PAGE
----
residential and semi-business dwellings (P per cum).

Residential Semi-business
Blocks Before After Before After
MW
MWC MWSI C MWSI

First 10 Cu.m. 29.50 * 7.78 16.69 49.50 * 13.06 28.01

Next 10 Cu.m. 3.60 0.95 2.03 6.05 1.59 3.42

Next 20 Cu.m 6.85 1.81 3.47 7.45 1.97 4.21

Next 20 Cu.m 9.00 2.37 5.09 9.45 2.49 5.32

Next 20 Cu.m 10.50 2.77 5.94 11.00 2.9 6.22

Next 20 Cu.m 11.00 2.90 6.22 11.50 3.03 6.5

Next 50 Cu.m. 11.50 3.03 6.50 12.00 3.16 6.79

Next 50 Cu.m. 12.00 3.16 6.79 12.50 3.29 7.07

Over 200 Cu.m. 12.50 3.30 7.07 13.00 3.43 7.35

* Per connection, otherwise P per cum.

Source: MWSS

49
Table 10b. Water tariff structure of the MWSS before and after privatization for
Business I
and Business II establishments (P per cum).

Business I Business II
Blocks Before After Before After
MW MW
C MWSI C MWSI

First 10 cum 134.00 * 35.36 75.75 145.00 * 37.24 82.05


Next 90 cum 13.45 3.54 7.61 14.60 3.75 8.26
Next 100 cum 13.50 3.56 7.63 14.70 3.77 8.31
Next 100 cum 13.55 3.57 7.66 14.80 3.80 8.37
Next 100 cum 13.60 3.59 7.69 14.90 3.83 8.43
Next 100 cum 13.65 3.60 7.72 15.00 3.85 8.45
Next 100 cum 13.70 3.61 7.75 15.10 3.98 8.54
Next 100 cum 13.75 3.63 7.78 15.20 4.01 8.60
Next 100 cum 13.80 3.64 7.80 15.30 4.03 8.65
Next 100 cum 13.85 3.65 7.83 15.40 4.06 8.71
Next 100 cum 13.90 3.66 7.86 15.50 4.09 8.77
Next 200 cum 13.95 3.68 7.89 15.60 4.11 8.82
Next 200 cum 14.00 3.69 7.72 15.70 4.14 8.88
Next 200 cum 14.05 3.70 7.95 15.80 4.16 8.63
Next 200 cum 14.10 3.72 7.97 15.90 4.19 8.99
Next 200 cum 14.15 3.73 8.00 16.00 4.22 9.05
Next 500 cum 14.20 3.75 8.03 16.10 4.25 9.10
Next 500 cum 14.25 3.76 8.06 16.20 4.27 9.16
Next 500 cum 14.30 3.77 8.09 16.30 4.30 9.22
Next 500 cum 14.35 3.79 8.11 16.40 4.32 9.27
Next 500 cum 14.40 3.80 8.14 16.50 4.35 9.33
Next 500 cum 14.45 3.81 8.17 16.60 4.38 9.39
Next 500 cum 14.50 3.82 8.20 16.70 4.40 9.44
Next 500 cum 14.55 3.83 8.23 16.80 4.43 9.50
Next 500 cum 14.60 3.84 8.26 16.90 4.45 9.56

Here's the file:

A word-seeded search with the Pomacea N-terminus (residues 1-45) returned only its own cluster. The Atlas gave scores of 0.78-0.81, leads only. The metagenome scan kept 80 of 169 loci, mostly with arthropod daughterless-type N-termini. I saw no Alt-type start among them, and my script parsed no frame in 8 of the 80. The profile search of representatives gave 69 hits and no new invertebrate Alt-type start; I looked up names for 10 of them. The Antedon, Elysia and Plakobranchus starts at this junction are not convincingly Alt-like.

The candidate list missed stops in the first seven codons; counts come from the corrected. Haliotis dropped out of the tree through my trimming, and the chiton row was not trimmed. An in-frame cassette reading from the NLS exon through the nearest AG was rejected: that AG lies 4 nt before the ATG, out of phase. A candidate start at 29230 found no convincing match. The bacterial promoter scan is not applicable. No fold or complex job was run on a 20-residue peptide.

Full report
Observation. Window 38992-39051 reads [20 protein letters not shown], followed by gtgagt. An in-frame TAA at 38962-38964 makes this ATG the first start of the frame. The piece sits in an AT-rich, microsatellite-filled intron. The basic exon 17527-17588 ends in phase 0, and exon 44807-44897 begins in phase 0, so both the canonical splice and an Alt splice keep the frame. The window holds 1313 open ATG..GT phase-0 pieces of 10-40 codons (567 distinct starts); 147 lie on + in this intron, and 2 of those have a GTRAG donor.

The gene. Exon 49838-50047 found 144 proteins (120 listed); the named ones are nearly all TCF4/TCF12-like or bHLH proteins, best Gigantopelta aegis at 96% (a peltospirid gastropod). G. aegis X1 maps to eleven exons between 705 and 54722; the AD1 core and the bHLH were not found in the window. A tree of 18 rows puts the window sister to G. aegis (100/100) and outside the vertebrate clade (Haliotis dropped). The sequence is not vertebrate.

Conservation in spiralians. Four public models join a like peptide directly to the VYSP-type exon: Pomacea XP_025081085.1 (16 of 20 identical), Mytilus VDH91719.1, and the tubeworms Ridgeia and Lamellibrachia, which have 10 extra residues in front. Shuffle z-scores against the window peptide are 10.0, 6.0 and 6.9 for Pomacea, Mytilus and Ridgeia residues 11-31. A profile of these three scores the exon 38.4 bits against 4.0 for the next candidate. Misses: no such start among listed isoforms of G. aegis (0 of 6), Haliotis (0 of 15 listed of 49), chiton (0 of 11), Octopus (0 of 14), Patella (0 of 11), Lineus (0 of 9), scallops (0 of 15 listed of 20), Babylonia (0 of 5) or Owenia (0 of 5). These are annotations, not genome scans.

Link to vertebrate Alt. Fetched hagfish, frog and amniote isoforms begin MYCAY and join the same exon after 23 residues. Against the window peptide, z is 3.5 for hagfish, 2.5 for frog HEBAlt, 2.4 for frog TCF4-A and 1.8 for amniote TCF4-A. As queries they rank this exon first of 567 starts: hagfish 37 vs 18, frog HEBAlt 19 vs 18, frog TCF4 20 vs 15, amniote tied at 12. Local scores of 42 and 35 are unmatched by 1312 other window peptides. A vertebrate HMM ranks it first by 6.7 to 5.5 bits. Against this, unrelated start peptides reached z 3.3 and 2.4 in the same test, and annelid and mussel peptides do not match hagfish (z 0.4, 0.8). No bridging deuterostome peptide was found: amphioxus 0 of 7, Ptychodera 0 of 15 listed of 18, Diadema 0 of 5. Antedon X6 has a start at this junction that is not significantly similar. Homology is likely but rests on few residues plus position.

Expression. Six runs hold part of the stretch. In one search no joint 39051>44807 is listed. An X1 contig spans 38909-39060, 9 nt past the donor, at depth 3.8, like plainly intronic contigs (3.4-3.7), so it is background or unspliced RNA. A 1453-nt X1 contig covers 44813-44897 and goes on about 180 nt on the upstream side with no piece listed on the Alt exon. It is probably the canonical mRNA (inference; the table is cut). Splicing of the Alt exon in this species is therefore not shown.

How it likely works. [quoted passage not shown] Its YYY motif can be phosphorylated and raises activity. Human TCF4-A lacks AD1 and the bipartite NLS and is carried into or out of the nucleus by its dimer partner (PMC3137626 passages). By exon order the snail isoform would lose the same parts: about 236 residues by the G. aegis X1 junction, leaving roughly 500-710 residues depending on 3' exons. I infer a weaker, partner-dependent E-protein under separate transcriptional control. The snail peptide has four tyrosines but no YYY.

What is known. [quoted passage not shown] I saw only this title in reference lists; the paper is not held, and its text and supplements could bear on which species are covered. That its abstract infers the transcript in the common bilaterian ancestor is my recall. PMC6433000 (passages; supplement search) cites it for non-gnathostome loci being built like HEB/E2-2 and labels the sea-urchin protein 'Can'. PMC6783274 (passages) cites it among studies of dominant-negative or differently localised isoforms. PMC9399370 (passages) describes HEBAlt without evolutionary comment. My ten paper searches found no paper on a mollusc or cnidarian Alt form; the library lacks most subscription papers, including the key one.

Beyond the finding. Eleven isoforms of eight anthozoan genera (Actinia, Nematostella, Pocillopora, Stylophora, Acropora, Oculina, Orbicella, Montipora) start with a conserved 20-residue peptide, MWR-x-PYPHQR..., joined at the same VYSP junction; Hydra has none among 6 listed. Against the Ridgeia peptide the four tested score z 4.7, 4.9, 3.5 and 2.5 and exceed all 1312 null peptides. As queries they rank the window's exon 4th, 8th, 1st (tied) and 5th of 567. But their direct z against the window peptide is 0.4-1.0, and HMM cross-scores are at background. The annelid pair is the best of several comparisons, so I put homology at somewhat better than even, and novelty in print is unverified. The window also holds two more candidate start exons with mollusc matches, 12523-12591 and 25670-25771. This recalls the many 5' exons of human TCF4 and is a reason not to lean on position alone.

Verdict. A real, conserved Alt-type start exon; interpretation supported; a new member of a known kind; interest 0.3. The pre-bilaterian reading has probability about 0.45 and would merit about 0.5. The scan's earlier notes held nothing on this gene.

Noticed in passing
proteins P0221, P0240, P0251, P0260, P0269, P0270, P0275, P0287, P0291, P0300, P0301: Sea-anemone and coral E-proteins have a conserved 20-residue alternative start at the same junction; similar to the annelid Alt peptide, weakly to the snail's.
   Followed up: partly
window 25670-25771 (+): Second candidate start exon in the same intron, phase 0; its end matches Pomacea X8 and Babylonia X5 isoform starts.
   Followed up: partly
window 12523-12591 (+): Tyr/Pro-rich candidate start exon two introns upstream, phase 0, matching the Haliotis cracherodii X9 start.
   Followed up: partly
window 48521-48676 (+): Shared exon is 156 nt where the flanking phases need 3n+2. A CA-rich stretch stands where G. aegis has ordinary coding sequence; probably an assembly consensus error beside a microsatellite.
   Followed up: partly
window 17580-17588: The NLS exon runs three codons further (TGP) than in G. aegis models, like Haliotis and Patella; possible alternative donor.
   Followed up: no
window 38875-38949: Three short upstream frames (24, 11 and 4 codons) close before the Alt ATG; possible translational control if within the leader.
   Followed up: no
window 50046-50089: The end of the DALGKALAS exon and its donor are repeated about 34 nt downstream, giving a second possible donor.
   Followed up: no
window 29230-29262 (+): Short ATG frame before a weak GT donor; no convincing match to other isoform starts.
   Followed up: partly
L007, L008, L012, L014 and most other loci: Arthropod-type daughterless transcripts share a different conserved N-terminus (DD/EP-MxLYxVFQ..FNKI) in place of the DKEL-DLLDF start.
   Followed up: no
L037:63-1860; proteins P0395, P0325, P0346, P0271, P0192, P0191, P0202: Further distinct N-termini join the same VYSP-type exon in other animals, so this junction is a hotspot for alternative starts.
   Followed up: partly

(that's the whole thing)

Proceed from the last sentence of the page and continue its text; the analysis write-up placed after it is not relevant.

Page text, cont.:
Next 500 cum 14.65 3.85 8.28 17.00 4.47 9.61

50
Next 500 cum 14.70 3.87 8.31 17.10 4.51 9.67
Next 500 cum 14.75 3.89 8.34 17.20 4.53 9.73
Next 500 cum 14.80 3.90 8.37 17.30 4.56 9.78
Next 500 cum 14.85 3.91 8.40 17.40 4.59 9.84
Next 500 cum 14.90 3.93 8.43 17.50 4.62 9.90
Next 500 cum 14.95 3.94 8.45 17.60 4.64 9.95
Over 10000 cum 15.00 3.95 8.48 17.70 4.67 10.01

*Per connection, otherwise P per cum.


Source: MWSS

51
Appendix Table 1. Land area, number of households, population, and population density of the cities
and
municipalities in the MWSS service area, 1995.

Area Number of Population Population


(sq. km.) Household (000) Density
(000) (000/sq.km.)

MWSS Service Area 2,125.6 2,392,272 11,424.6 5.4

NCR 636.0 1,985,299 9,453.6 14.9


Manila 38.3 347,173 1,654.8 43.2
Mandaluyong 26.0 61,096 268.9 11.0
Marikina 38.9 73,617 357.2 9.2
Pasig 13.0 104,242 471.1 36.2
Quezon 166.2 415,788 1,989.4 12.0
San Juan 10.4 25,694 124.2 11.9
Kalookan 55.8 215,122 1,023.2 18.3
Malabon 23.4 74,657 347.5 14.8
Navotas 2.6 49,471 228.0 87.7
Valenzuela 47.0 94,377 437.2 9.3
Las Piñas 41.5 82,618 413.1 10.0
Makati 29.9 100,922 484.2 16.2
Muntilupa 46.7 80,981 399.8 8.6
Parañaque 38.3 82,692 391.3 10.2
Pasay 13.9 86,253 408.6 29.4
Pateros 10.4 11,377 55.3 5.3
Taguig 33.7 79,219 381.4 11.3

Cavite 185.7 138,388 659.1 3.5


Bacoor 52.4 52,594 250.6 4.8
Cavite City 11.8 20,059 92.6 7.8
Imus 97.0 36,846 177.4 1.8
Kawit 13.4 11,701 57.0 4.3
Noveleta 5.4 5,725 27.3 5.0
Rosario 5.7 11,463 54.1 9.5

Rizal 1,303.8 268,585 1,312.5 1.0

52
Angono 26.0 12,561 59.4 2.3
Antipolo 306.1 71,475 345.5 1.1
Baras 23.4 3,998 20.1 0.9
Binangonan 72.7 28,129 140.7 1.9
Cainta 10.2 40,671 201.6 19.8
Cardona 31.2 7,206 35.5 1.1
Jala-Jala 49.3 3,871 19.9 0.4
Montalban (Rodriguez) 312.8 16,759 79.7 0.3
Morong 37.6 7,322 36.0 1.0
Pililla 73.9 7,555 37.1 0.5
San Mateo 64.9 19,652 99.2 1.5
Tanay 243.4 14,042 69.2 0.4
Taytay 33.7 30,419 144.7 4.3
Teresa 18.6 4,925 23.9 1.3

53
Appendix Table 2. Water charges of selected water districts (P/cu.m.).

Minimum
Average charge Consumption bracket
Water district tariff (P/conn) 11-20 21-30 31-40 41-50

Metro Manila
MWSS1 6.43 29.40 3.57 4.36 5.46 6.30

3
(47.30) (5.42) (6.29) (6.82) (8.42)

MWSS2 8.78 29.50 3.60 6.85 6.85 9.00

(47.00) (5.42) (9.00) (9.00) (11.36)

East zone 2.32 7.78 0.95 1.00 1.00 2.37

(19.60) (2.15) (2.20) (2.20) (3.71)

West zone 4.96 16.69 2.03 3.87 3.87 5.09

(29.40) (3.33) (5.36) (5.36) (6.70)

Metro Cebu 90.65 10.00 11.76 32.26 32.26